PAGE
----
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Why is healthcare in the US so expensive? Show more Show less
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Healthcare in America seems to be a lot more expensive than the rest of the world. From research and development for pharmaceutical drugs, to diagnostic tests, to doctors' salaries, everything in America has a higher price tag. In fact, in 2016, 17.8% of the country's GDP was spent on healthcare. Meanwhile, countries such as France, Sweden, Canada, Australia, and many others only spent around 11.5% of their GDP on healthcare-related reasons. Is the higher price of healthcare in America justifiable? What factors are driving the costs of healthcare and making it so expensive?

Healthcare personnel are paid much higher wages than in other countries Show more Show less

The healthcare administration and doctors are paid excessively high wages. For the simplest of procedures, a whole system of people is required. Many medical protocols and people have to be involved. Doctors have to increase their number of hours. All of this creates an avalanche of costs that ultimately results in skyrocketing healthcare costs.
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The salaries of American doctors tend to be quite high

On average, American doctors are paid around $300,000 a year, which is much more than any other country. Many powerful medical organizations ensure that only a handful of doctors graduate every year. Since there is low supply and high demand, these few doctors are paid very well. Overall, this drives up the cost of healthcare for all patients.

The Argument

US physicians have the highest annual salaries compared to any other country. The median annual salary is $313,000.[1] To put this in perspective, Germany has the second-highest rate of compensation at only $163,000. While some jobs in America are underpaid compared to their counterparts in other wealthy countries, doctors tend to be the exception. This can be explained by the medical cartel present in the US. A cartel is established when the supply of goods or services is strictly controlled by higher-ups.[2] In medicine, the number of doctors in every field is regulated so that the supply does not exceed the demand. In fact, due to these rigid rules, in recent times there has actually been a scarcity of doctors, especially in rural areas. Organizations such as the Accreditation Council for Graduate Medical Education set the number of medical seats and residencies that are available each year. They make sure that only a few of the most qualified students enter medical school and among them only the best gain residencies, which are legally required for becoming a doctor. By limiting how many doctors are available, they can make sure that everyone is paid handsomely. Doctors are extraordinarily compensated due to there only being a few of them. This high salary drives up healthcare costs.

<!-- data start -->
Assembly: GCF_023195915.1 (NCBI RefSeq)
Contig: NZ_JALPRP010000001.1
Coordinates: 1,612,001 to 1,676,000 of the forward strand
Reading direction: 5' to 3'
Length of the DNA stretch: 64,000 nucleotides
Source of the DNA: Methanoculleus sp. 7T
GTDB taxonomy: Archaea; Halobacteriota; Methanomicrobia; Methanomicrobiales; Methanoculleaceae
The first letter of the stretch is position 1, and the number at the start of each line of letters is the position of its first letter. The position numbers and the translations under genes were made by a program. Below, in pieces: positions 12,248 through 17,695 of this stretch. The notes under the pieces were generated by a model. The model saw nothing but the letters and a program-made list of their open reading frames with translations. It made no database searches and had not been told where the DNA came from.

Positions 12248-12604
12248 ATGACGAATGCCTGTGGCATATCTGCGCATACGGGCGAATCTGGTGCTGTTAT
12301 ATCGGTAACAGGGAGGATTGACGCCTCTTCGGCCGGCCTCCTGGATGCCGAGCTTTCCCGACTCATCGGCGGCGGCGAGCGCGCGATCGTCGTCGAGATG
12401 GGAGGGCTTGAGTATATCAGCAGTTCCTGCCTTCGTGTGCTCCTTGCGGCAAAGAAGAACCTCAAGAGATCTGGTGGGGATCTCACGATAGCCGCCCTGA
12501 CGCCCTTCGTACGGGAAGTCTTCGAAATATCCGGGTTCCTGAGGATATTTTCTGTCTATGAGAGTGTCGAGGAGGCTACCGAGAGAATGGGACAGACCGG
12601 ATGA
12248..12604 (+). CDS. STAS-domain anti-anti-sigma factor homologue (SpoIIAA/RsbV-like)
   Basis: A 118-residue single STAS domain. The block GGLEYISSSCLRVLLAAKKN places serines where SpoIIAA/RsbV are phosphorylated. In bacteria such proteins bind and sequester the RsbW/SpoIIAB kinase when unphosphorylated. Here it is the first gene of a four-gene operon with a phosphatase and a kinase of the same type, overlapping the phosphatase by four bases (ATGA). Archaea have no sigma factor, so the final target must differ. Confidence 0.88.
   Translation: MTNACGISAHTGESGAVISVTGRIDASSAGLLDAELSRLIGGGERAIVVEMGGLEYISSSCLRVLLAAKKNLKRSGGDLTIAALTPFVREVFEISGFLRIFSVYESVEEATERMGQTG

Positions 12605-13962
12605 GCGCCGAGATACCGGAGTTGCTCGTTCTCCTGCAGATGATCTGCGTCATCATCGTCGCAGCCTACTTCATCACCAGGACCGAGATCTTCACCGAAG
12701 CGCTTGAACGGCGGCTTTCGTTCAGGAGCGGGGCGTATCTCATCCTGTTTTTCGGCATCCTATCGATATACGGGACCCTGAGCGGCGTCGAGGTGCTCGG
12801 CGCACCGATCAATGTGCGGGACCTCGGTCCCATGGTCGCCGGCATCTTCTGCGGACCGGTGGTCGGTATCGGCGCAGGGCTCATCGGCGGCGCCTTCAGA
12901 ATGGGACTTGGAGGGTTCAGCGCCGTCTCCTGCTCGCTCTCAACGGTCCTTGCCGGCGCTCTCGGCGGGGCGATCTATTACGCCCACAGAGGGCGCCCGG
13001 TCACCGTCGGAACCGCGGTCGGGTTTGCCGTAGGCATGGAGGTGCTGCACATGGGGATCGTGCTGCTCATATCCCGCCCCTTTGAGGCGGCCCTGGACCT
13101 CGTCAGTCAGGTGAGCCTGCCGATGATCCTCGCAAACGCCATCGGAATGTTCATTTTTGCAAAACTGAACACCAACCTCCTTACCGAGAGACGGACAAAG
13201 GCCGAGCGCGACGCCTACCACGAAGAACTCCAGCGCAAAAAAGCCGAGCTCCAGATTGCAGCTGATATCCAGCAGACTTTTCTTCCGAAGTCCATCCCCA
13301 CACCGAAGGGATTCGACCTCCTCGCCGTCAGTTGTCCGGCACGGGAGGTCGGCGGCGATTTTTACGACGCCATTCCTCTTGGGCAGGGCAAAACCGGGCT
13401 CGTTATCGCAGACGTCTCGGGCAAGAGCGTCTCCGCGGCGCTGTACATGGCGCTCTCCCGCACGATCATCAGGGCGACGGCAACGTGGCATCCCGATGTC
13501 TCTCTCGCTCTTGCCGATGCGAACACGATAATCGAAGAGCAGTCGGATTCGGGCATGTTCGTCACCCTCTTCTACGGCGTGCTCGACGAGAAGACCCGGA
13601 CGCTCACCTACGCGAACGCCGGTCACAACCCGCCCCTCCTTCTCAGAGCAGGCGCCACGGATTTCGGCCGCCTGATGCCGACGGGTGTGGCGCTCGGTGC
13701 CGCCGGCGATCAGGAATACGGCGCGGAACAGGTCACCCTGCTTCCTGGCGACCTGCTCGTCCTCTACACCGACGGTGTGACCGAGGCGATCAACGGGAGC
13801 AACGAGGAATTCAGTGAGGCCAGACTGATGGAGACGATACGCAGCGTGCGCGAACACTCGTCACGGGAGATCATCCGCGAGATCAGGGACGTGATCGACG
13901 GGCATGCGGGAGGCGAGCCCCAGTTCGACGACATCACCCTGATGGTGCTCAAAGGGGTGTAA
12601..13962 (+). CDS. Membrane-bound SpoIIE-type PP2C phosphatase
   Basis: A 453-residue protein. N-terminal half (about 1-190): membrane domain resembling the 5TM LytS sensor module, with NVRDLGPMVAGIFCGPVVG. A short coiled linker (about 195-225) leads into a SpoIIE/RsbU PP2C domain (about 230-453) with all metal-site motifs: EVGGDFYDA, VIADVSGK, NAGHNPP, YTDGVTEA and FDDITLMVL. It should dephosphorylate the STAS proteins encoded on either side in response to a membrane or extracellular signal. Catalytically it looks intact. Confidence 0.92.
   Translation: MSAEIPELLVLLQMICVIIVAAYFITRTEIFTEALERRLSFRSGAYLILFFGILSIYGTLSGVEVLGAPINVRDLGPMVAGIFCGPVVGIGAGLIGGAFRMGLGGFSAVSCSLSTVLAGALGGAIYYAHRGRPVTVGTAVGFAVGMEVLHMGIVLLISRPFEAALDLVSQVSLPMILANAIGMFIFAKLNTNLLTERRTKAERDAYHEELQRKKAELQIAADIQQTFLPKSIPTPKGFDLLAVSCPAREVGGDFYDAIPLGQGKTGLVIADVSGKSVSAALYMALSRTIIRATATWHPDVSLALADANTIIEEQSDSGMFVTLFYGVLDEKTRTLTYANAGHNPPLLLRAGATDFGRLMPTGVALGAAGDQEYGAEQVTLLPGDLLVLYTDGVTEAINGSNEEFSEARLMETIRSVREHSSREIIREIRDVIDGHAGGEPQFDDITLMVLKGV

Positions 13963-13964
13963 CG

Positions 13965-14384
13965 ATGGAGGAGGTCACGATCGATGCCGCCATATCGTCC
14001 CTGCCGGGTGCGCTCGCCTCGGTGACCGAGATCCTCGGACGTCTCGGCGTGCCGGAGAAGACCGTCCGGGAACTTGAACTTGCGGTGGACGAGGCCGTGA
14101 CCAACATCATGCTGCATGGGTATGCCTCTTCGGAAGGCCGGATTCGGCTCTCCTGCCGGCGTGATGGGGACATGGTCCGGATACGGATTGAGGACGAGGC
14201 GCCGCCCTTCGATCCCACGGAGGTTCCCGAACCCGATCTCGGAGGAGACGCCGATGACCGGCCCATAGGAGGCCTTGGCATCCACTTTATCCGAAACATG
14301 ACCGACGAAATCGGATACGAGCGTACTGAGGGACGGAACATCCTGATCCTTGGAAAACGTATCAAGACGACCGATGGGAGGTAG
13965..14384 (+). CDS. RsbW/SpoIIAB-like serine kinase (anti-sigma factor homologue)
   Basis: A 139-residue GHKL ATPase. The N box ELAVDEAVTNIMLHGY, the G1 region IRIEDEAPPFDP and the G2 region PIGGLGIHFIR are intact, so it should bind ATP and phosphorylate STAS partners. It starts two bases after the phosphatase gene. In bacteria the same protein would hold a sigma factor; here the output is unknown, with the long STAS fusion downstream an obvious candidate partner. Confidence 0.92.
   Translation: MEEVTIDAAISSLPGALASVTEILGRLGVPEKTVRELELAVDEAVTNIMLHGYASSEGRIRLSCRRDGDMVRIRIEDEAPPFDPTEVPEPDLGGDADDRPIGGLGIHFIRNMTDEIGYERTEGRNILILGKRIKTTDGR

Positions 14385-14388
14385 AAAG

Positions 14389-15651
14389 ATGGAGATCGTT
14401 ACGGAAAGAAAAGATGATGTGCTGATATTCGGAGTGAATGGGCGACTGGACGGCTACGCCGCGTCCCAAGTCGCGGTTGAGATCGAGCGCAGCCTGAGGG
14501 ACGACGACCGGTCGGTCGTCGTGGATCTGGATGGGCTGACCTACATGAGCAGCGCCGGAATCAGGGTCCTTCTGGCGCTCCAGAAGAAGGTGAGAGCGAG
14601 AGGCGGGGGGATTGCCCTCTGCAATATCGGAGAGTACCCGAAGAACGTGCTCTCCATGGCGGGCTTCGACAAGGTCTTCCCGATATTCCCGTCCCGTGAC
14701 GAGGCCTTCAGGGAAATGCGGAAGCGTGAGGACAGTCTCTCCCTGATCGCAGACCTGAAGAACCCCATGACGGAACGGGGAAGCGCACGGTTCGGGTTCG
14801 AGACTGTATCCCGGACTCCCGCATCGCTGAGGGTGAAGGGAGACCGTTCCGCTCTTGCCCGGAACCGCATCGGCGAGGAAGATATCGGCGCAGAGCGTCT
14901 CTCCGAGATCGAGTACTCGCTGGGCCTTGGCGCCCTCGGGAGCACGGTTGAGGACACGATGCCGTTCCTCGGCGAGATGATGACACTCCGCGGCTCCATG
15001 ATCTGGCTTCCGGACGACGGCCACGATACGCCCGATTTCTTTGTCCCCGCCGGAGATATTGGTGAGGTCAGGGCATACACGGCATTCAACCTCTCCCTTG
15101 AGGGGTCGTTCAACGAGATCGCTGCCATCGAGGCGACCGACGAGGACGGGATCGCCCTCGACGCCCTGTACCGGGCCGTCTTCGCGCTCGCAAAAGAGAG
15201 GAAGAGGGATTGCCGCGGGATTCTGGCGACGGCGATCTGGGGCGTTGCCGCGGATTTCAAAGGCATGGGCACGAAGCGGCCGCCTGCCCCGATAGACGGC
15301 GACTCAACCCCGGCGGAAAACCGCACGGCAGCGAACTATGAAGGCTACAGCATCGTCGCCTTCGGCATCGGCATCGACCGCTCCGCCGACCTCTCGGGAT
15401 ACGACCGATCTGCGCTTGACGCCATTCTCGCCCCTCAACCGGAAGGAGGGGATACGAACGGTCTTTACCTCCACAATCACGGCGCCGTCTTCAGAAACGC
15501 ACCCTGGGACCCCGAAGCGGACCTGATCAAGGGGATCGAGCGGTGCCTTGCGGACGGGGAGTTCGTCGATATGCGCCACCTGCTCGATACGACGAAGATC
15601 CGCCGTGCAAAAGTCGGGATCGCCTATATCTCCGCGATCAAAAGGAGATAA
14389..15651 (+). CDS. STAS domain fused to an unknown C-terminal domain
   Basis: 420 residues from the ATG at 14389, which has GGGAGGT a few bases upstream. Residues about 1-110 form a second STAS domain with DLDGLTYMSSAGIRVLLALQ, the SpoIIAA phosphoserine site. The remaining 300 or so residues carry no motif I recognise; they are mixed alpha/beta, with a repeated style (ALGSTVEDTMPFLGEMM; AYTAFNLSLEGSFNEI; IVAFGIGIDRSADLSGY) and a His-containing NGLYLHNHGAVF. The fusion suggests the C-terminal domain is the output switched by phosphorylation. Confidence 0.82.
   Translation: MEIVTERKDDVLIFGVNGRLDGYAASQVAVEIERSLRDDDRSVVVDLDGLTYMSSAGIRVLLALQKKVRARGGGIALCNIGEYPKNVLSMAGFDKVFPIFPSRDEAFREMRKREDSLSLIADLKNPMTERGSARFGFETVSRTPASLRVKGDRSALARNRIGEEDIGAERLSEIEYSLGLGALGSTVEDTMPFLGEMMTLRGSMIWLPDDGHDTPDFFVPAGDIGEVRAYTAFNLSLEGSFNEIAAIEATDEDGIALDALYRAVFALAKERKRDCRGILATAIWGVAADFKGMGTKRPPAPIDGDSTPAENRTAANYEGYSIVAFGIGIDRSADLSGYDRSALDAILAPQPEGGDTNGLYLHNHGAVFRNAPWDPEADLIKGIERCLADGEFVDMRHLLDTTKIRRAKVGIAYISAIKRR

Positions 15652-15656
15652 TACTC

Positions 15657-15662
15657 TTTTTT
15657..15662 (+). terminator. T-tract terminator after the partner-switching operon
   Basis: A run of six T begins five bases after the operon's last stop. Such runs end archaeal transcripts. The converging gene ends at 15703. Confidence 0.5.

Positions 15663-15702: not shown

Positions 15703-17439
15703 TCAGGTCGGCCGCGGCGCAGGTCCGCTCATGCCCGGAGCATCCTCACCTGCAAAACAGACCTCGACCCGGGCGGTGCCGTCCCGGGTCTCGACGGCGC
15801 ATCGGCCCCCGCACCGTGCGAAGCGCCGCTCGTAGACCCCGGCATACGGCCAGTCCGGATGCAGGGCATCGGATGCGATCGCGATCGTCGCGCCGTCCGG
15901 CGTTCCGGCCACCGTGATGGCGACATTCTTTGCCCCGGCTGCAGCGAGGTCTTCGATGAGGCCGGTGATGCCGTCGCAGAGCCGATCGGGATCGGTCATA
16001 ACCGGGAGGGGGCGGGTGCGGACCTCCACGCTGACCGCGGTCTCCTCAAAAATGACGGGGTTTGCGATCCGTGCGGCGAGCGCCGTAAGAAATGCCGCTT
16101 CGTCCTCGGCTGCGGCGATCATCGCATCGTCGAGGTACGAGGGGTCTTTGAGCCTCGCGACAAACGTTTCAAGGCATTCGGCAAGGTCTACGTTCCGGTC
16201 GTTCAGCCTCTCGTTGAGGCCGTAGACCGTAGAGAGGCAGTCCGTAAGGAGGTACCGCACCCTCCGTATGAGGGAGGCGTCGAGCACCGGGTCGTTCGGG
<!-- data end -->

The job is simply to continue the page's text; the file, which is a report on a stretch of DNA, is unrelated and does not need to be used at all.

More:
Counter arguments

While doctors are paid quite well, the burden of expensive healthcare cannot just be attributed to their salaries. The amount of money they are being paid is a mere fragment of healthcare costs in general. Also, by incentivizing doctors with such wages, only the best and most dedicated students enter the field. This means that medical malpractice cases are much lower and the amount paid in insurance claims, and other medical-related costs are much lower. This drives the cost of healthcare down and not up. Also in almost every industry, the amount of education and training justifies the money workers are paid. In America, doctors study and train for 11-16 years. During this time, they have garnered a large opportunity cost fee. Their future salaries recompensate them for the missed time and help them pay back massive student loans. Economically speaking, their salaries are justified and these wages are not making healthcare as expensive as it is.

Proponents

Premises

[P1] The number of doctors in the American healthcare system is strictly limited. [P2] By limiting the number of doctors getting paid, it allows those who do become doctors to have higher wages. [P3] The high wages for medical personnel cause American healthcare to be expensive.

Rejecting the premises

[Rejecting P3] Doctors are deserving of their high wages due to their intensive training and missed time in the workforce.

References

  1. https://www.advisory.com/daily-briefing/2019/09/24/international-physician-compensation/source.html
  2. https://www.politico.com/agenda/story/2017/10/25/doctors-salaries-pay-disparities-000557/#:~:text=The%20United%20States%20pays%20more,price%20in%20Canada%20or%20Europe./source.html

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This page was last edited on Saturday, 29 Aug 2020 at 03:19 UTC

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